Facebook Outage Reveals Critical DevOps Lessons … Again
June 25, 2014

Mehdi Daoudi

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If you live in the United States, there’s a good chance you had no idea that the Internet turned into a wide-ranging traffic accident last week when Facebook went down for half an hour. This is because the outage occurred on Thursday morning at around 3:50 am EDT, meaning that West Coast night owls were the only group on the continent that was really affected.

Elsewhere, however, it was a different story. Due to the time difference, Europe experienced the outage during early business hours, and much of Asia saw it happen in the late afternoon, resulting in widespread website failures during critical points in the day.

Now you may be asking why a social media site experiencing problems would be that big of an issue for business. Heck, given how much people procrastinate on Facebook, one might even wonder if the outage led to an increase in productivity.

The answer lies with the massive Internet footprint that Facebook carries. Many sites rely on the social media giant for third party services like login, commenting, and sharing platforms, so when Facebook is completely unavailable, it can wreak havoc on thousands of other sites as well. We saw plenty of examples of this last week during the outage.

Every one of those red dots in the above graphic represents a document complete from a specific location that took 30+ seconds. Because Facebook was blocking the document complete, the user experience was dramatically impacted, resulting in many infuriating pinwheels and hourglasses spinning over and over.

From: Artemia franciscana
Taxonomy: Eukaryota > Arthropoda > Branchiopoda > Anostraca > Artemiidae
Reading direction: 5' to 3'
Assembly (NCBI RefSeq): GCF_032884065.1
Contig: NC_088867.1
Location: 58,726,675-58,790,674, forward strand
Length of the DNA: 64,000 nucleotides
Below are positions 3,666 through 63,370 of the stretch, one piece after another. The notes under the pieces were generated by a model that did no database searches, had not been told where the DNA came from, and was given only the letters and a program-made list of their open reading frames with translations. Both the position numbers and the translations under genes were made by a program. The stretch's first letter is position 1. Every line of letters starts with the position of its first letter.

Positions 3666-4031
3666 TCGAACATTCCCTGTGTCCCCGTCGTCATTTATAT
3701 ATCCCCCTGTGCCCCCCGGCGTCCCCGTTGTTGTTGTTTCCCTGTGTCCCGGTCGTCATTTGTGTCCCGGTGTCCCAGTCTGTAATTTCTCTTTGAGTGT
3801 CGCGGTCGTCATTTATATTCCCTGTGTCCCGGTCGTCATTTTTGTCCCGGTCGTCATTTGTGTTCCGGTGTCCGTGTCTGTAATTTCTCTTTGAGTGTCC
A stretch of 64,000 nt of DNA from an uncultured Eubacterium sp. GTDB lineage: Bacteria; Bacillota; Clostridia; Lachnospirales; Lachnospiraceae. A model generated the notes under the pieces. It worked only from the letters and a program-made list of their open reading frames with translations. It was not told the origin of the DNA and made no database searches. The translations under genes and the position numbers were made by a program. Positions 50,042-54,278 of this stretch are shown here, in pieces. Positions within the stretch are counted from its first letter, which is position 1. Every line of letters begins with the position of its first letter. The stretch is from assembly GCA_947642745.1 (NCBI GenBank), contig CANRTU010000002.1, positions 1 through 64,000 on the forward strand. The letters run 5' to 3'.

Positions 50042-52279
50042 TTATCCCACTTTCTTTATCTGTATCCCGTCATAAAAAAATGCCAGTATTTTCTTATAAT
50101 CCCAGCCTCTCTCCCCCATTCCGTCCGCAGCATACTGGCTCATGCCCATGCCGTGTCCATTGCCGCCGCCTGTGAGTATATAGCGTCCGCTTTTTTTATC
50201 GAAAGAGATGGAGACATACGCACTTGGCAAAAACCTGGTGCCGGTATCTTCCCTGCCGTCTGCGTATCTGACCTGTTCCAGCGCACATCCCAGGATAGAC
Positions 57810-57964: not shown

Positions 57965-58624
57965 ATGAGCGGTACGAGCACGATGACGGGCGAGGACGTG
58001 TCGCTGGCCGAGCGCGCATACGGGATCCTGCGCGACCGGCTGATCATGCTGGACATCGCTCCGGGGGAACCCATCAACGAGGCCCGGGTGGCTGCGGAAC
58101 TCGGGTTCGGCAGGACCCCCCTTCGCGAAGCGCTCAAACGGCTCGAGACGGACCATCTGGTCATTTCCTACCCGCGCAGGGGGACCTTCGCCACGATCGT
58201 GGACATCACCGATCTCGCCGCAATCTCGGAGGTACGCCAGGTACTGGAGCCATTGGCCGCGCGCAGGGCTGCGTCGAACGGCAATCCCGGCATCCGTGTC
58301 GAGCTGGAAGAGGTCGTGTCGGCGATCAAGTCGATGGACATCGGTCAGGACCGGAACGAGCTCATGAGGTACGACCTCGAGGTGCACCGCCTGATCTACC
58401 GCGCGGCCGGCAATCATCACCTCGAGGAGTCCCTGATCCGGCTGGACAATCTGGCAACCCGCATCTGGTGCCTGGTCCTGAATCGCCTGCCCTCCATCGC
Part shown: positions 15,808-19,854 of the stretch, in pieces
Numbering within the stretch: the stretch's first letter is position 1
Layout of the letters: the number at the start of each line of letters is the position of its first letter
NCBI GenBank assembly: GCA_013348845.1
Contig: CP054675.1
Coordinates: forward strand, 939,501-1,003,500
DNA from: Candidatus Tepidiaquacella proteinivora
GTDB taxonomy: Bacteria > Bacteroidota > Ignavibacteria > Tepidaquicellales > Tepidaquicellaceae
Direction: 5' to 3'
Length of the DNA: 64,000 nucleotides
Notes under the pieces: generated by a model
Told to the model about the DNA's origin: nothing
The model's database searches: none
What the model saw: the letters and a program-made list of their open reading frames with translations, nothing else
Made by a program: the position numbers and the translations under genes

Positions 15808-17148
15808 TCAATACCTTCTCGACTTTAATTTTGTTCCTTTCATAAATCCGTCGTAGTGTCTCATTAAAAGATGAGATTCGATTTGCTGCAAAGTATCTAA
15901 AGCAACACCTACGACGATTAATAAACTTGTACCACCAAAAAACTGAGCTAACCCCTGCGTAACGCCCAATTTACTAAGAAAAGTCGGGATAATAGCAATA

This is a perfect example of what is known in the DevOps world as a Single Point of Failure (SPOF). When one component of a website can render the entire thing completely unavailable if not functioning properly, it becomes a weak link that compromises the strength of the entire chain.

From a DevOps perspective, what is needed is a detailed plan in place to serve as a backup in case the third party service goes down. In the case of this latest Facebook outage, the problem lay with the fact that many sites, rather than using the asynchronous tags that Facebook provides, were using outdated ones that block document complete. These new tags, had they been applied to the affected sites, would have prevented any bad user experience and allowed the rest of the site to continue to function normally even if the Facebook components weren’t working.

This risk is not exclusive to Facebook, however; it’s one that is an inherent aspect of all third party services. Facebook may be one of the largest providers of these services, but they’re hardly alone.

The lesson learned from this experience – and one that most European or Asian sites are likely more aware of since the outage had a much greater effect on their businesses – is to build processes that ensure that you stay up to date with vendor changes. For example, Facebook began offering their asynchronous tags in late 2012, but nearly a year and a half later, many sites were clearly not yet using them due to the widespread performance issues that we saw during that half-hour window on Thursday morning.

Facebook’s login API, however, is a separate matter altogether. While asynchronous tags will prevent an entire page from being slowed down by a single non-critical element like sharing or commenting, if your site is inaccessible without a properly functioning login system, you’re facing a much greater problem. The solution here, therefore, is to have an alternative in-house login system in place so that your site is not relying on a single third party component that is ultimately outside of your control.

Identifying a SPOF is only the first step. Once located, implementing asynchronous tags or alternative solutions will prevent the SPOF from existing, thus proving a reliable and fast website.

Mehdi Daoudi is CEO and Co-Founder of Catchpoint
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